London warns of ‘significant consequences’ if Brussels blocks Covid vaccines leaving the EU after von der Leyen threatens action
“There is of course a need for all countries to respect contract law... and I’m sure that the European Union will live up to the commitments and statements that it has made,” British Health Secretary Matt Hancock told lawmakers on Thursday.
“We fully expect those contracts to be delivered on, because there are very significant consequences to breaking contract law,” he added, referencing von der Leyen’s Wednesday demands.Also on rt.com Covid-19 vaccine deliveries slow in April but will speed up in May, says UK minister, despite drug company rebuttal
The European Commission president had singled the UK out as a nation that receives EU-manufactured Covid-19 vaccinations but does not reciprocate by allowing British-produced jabs to go the other way.
“We want to see reciprocity and proportionality in exports, and we are ready to use whatever tool we need to deliver on that,” von der Leyen said, adding if the reciprocity isn’t forthcoming, “we will have to reflect on how to make exports to vaccine-producing countries dependent on their level of openness.”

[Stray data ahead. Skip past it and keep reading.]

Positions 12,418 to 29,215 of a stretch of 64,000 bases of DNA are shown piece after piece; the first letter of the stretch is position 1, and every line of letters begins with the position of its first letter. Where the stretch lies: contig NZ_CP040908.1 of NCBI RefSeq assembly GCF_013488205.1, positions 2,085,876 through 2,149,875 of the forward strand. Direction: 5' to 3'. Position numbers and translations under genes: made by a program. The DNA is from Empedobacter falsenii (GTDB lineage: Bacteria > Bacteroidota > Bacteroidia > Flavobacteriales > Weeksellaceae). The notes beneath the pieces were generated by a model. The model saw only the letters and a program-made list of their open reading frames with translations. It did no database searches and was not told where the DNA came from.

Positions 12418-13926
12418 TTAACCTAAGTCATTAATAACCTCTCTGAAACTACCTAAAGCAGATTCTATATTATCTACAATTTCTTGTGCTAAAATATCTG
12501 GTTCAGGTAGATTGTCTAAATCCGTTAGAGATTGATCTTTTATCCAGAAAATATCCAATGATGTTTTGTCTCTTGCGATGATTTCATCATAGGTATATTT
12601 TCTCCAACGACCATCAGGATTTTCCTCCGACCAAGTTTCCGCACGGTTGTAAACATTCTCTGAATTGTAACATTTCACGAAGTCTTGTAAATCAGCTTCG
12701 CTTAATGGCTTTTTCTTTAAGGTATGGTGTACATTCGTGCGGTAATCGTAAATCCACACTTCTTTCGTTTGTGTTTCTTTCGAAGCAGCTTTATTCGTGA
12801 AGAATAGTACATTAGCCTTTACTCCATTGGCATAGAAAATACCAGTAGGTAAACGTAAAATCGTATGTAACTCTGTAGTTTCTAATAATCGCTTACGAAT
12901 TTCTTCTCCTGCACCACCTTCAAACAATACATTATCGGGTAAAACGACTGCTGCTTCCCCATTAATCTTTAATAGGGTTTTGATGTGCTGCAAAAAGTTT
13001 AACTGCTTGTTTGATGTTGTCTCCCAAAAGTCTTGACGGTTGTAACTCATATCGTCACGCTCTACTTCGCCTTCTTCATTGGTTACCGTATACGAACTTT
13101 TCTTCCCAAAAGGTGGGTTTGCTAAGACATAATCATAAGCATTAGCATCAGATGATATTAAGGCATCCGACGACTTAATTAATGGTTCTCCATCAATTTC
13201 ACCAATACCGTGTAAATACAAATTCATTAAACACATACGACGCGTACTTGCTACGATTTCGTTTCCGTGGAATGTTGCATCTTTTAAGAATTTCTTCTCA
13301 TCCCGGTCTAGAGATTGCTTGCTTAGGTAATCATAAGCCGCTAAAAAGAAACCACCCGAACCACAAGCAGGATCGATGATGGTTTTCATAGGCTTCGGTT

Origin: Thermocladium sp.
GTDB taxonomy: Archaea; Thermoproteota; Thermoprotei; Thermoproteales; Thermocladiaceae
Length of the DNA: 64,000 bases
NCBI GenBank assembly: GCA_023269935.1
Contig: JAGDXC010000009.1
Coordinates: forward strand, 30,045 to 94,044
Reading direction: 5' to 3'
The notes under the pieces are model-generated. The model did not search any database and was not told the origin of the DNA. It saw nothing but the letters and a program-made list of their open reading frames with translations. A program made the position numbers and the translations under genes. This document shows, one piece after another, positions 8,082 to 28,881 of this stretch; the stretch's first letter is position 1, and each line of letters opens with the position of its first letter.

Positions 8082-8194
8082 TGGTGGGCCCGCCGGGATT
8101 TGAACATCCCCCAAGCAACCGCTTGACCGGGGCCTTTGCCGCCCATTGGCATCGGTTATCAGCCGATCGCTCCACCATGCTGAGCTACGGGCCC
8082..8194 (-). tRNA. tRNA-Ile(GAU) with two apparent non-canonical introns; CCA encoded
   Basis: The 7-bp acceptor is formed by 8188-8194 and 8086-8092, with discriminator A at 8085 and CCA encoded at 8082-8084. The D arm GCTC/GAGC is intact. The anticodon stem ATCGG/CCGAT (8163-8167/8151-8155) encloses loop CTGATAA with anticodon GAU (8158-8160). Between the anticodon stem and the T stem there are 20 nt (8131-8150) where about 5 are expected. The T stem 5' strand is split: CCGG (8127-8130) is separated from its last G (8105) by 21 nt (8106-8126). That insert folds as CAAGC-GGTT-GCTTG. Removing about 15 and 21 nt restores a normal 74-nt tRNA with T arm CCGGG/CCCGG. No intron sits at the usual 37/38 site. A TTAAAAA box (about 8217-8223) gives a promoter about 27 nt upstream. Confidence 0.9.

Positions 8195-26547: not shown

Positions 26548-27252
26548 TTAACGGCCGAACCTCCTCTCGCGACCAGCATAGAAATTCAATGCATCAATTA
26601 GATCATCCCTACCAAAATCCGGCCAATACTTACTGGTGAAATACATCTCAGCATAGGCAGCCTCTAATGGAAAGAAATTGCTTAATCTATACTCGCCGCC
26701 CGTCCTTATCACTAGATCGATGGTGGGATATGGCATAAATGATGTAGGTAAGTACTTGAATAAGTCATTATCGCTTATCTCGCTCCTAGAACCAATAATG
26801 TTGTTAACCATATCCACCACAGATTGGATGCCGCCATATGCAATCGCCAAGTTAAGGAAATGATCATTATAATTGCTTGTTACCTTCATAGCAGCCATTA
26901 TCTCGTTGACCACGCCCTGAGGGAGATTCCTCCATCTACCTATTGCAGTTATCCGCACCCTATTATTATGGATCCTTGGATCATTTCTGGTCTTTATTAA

The Commission president also said Brussels would consider reducing exports to countries which had higher vaccination rates than the EU in what she described as “proportionality”. The UK expects to have vaccinated half of all adults by the end of the week, while many EU countries are yet to reach 10%.Also on rt.com Half of British adults to be inoculated against Covid-19 by week’s end, says UK minister, reassures that jab is ‘safe’
On Thursday, government ministers confirmed that the UK would see reduced vaccine deliveries in April, after a letter with the same message was leaked on Wednesday.
Hancock told fellow lawmakers that there were two reasons for the delay. First, that 1.7 million doses needed to be retested to ensure stability, and second, that deliveries from the Serum Institute of India would also be delayed.
The health minister refused to comment on the delays from India, noting: "Now, I want to put on the record my gratitude to the Serum Institute of India for the incredible work that they're doing producing vaccine not just for us in the UK, but for the whole world.”
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